Animal Crackers by Trevor Plumbly
Strange days indeed down under, with a perfectly healthy elephant waiting in transit for entry to NZ at the same time as an equally healthy female gorilla is battered to death in an enclosure by a ‘dominant male’. You have to wonder what it is about us humans that drives us to transplant animals across the globe and cage them for public entertainment. In Victorian times the practice extended to mental patients as well, and it was common for the upper and middle classes to treat a visit to the local asylum to view the ‘lunatics’ as a form of family entertainment; fortunately that particular form of barbarism stopped years ago, but why on earth do we persist in exactly the same practice with animals? I don’t like zoos or aviaries: there’s just something about them that affects me in much the same way as seeing performing circus animals.
I suppose the original purpose of a zoo was partly to satisfy the 19th Century taste for the exotic as well as some sort of status symbol for cities. Every major city boasted a zoo and, in most cases, it was sited close to the centre for easy access. They were deemed ‘educational’ and I, along with thousands of other kids, was dragged round the cages to ooh and ah at moth eaten lions and puzzled sad looking gorillas behind bars. God only knows what gleanings of knowledge I was supposed to gather from the experience. When the logic of the ‘education’ theory ran aground, a new excuse for maintaining these places obviously had to be found and ‘the preservation and protection of the species’ was born. Which sounds laudable, but, at the risk of seeming cynical, let’s ask, ‘Protect them from what?’, or more importantly, ‘Preserve them for what?’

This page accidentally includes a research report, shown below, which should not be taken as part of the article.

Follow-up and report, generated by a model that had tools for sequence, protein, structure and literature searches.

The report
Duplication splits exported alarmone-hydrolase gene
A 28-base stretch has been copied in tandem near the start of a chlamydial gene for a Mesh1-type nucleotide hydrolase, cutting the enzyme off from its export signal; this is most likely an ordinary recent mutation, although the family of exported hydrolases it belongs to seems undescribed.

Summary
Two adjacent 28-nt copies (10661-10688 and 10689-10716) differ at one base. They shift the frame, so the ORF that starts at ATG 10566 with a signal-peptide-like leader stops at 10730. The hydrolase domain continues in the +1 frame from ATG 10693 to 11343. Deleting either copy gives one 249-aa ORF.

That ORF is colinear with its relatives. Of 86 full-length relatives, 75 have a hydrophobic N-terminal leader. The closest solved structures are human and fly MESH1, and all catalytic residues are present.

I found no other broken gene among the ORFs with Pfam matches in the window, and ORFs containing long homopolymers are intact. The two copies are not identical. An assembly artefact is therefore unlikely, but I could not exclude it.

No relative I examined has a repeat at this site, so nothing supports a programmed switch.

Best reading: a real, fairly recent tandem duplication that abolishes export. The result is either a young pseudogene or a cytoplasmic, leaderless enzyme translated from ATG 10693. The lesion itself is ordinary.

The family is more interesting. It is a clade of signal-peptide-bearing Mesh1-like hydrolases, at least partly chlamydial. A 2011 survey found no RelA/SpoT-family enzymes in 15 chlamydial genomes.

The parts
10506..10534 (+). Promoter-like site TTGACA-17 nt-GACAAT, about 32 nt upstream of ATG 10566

The mere mention of ‘endangered species’ galvanises zoologists and apologists alike, but surely the principle threat to these creatures comes from us. Now that China has finally seen the light, the trade in ivory will eventually cease and the untiring efforts of Greenpeace are forcing the Japanese to reconsider their whale harvesting programme, but for the rest it seems that confinement is the most convenient solution. Where on earth is the logic in placing an animal in an environment totally at odds with its instincts and spacial needs? A breeding programme may well provide some scientific satisfaction, but what about the future for the offspring? Obviously, these creatures couldn’t survive in their natural environment, so does that mean more cages for more gawkers? If we really want to get serious about ‘endangered species’, why not do it properly and create more wildlife reserves? Most zoos occupy prime land; selling that off would provide some finance and use central city land for humans rather than animal detention centres. Finally to answer the obvious question, yes I’ve owned pets: dogs mostly but none of them ever got chained or caged.